By shortly after noon Monday, Wes Littlefield had conducted 10 personal training sessions at Littlefield’s Gym, the personal fitness facility he and his wife, Kendra, own in Oakland. Littlefield expected to conduct 10 more one-on-one training sessions in the afternoon. It was the first day gyms like his were able to open since Gov. Janet Mills issued her emergency orders in response to the Covid-19 crisis in mid-March.

“It’s nice to see some of the athletes back,” Kendra Littlefield said.

Fitness centers were among the business allowed to open this week with the loosening of restrictions in 12 of Maine’s 16 counties, albeit with strict guidelines. Gyms can be open for personal instruction only, with both client and personal trainer wearing protective facemasks and social distancing. Classes of fewer than 10 participants may be offered if conducted outdoors. All equipment used must be thoroughly sanitized after use.

Curtis Miller, who owns Miller Fitness in Skowhegan, was also able to open his gym. He and four trainers, including his wife Kianna, have offered one-on-one training and classes in space behind his gym all week. Miller opened a second gym in Newport seven months ago, but that’s in Penobscot County, one of the four counties not yet open.

Jake Gerard does his sit-ups during a crossfit workout at CrossFit137 in Waterville on Friday. Michael G. Seamans/Morning Sentinel

“At least it’s people in the gym. It’s not ideal,” Miller said.

While gym owners are happy to be open, even in a limited capacity, some acknowledge the new guidelines are too restrictive.


“People want to get back in here. I get five, six calls a day asking when we’ll get back open,” said Ryan Chamberland, who owns United Fitness in Winthrop and Augusta. “This is our heyday. This is when we make money. April, May and June, people want to work out before the summer.”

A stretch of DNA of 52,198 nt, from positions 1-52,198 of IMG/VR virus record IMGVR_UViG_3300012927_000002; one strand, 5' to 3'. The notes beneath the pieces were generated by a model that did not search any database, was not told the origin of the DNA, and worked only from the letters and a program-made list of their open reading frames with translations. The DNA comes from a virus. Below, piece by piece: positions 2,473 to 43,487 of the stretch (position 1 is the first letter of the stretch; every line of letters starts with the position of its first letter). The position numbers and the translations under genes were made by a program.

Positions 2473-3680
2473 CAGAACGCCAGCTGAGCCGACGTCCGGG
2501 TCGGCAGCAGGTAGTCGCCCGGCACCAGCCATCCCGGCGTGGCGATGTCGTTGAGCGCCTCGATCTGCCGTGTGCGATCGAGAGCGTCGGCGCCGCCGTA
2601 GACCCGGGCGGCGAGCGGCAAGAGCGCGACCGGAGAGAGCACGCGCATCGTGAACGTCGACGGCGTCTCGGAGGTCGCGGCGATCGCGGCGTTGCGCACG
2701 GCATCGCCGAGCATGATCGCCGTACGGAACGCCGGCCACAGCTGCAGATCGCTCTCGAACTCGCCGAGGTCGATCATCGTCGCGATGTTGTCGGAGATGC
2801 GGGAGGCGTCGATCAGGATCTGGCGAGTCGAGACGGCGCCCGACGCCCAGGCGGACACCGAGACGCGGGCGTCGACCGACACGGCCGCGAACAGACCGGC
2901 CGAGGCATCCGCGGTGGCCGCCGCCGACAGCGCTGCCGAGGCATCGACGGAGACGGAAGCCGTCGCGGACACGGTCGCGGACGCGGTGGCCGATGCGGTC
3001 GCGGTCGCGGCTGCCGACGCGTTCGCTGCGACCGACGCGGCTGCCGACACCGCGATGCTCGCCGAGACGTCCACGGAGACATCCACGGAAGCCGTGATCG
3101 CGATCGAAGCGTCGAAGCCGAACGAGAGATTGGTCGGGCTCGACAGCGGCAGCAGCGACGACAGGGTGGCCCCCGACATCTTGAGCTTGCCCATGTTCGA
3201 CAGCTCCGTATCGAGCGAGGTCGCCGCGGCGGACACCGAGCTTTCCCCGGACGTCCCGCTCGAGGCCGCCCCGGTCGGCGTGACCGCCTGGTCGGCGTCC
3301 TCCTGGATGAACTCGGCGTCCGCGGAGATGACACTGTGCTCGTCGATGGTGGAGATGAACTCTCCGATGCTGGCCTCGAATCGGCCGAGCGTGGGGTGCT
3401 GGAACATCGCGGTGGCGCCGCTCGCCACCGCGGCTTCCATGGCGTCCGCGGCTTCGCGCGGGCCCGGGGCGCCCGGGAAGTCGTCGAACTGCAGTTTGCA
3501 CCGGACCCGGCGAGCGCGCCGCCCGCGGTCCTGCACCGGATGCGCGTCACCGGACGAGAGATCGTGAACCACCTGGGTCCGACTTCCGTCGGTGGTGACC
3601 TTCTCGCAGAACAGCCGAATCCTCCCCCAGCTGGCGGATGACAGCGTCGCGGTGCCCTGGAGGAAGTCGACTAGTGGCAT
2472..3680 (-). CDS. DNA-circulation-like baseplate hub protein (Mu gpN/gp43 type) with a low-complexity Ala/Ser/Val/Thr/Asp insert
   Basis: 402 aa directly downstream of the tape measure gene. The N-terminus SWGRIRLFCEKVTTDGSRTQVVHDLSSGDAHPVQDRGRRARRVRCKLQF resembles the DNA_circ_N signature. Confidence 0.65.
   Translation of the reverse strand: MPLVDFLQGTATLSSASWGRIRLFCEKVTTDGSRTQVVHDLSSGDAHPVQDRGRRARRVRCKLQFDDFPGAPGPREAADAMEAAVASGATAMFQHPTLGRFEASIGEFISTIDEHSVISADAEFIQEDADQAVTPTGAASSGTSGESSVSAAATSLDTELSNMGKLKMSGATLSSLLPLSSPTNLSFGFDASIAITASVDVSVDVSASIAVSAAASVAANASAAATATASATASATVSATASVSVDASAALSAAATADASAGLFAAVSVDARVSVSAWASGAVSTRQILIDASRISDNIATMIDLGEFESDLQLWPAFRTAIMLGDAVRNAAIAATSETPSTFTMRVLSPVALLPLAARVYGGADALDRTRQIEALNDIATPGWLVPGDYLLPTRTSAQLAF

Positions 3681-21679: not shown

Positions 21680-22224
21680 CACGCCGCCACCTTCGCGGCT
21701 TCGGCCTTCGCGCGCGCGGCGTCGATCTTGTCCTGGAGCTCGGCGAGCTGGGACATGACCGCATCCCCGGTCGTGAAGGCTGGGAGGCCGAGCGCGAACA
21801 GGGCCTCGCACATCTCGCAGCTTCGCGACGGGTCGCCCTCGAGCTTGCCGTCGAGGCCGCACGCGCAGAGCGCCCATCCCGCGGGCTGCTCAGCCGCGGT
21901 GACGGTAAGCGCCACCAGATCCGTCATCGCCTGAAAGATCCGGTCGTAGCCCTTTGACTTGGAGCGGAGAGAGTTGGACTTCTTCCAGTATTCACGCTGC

While closed from mid-March until Monday, some gyms were able to keep members engaged by offering online classes, or letting members take equipment home and providing daily workout plans. Waterville’s Champions Fitness Club, offers numerous live classes throughout the week on its Facebook page, taught by eight of the gym’s personal trainers and class instructors. The Facebook Live classes are open to anybody, not just Champions members.

The workouts are recorded and embedded on Champions’ Facebook page, so if anybody finds a workout they particularly enjoyed, they can do it again.

“They’ve been so well-received,” said Lisa Lambert, Champions fitness director. “We’ve had a great time doing them.”

Champions will not open to one-on-one instruction, and doesn’t plan to open until the next phase of Gov. Mills’ plan goes into effect June 1, Lambert said. The gym’s size and large membership roll, which Lambert said is approximately 2,500 members, makes opening for one-on-one sessions unfeasible.

Scott Bolduc, who owns Waterville’s Crossfit137, and Ali McLaughlin, who owns Waterville’s KV Crossfit, each let members take equipment home for online instruction.


“When we decided it was time to close, we came up with a plan to keep members engaged,” Bolduc said. “I set up in my garage here at home. It worked pretty well. We programmed home workouts, based on what equipment people had.”

McLaughlin planned to open Thursday for classes of 10 or fewer people.

“We lent out a lot of equipment, and it took time getting it back and cleaned,” McLaughlin said. “I had workouts every day for people to do remotely, and videos.”

On Monday, Bolduc began teaching small classes at Colby College’s track, where people had plenty of space for social distancing. At the gym on Kennedy Memorial Drive, Bolduc marked off 10 feet by 10 feet sections in which each individual could work out with plenty of space. Members also will have their temperature taken before entering the facility, Bolduc said.

“We’re taking it seriously. We want to get fit again,” Bolduc said.

The gym owners also said they have lost some memberships during the pandemic as people have lost their jobs. However, the owners also said that most members have been patient and supportive.


“We understand, because a lot of people aren’t making money. We hope to get them back when they’re able to work,” Miller said. “A lot of members asked us to keep charging them because they were working and know we’re a small business.”


Travis Lazarczyk — 861-9242

[email protected]

Twitter: @TLazarczykMTM

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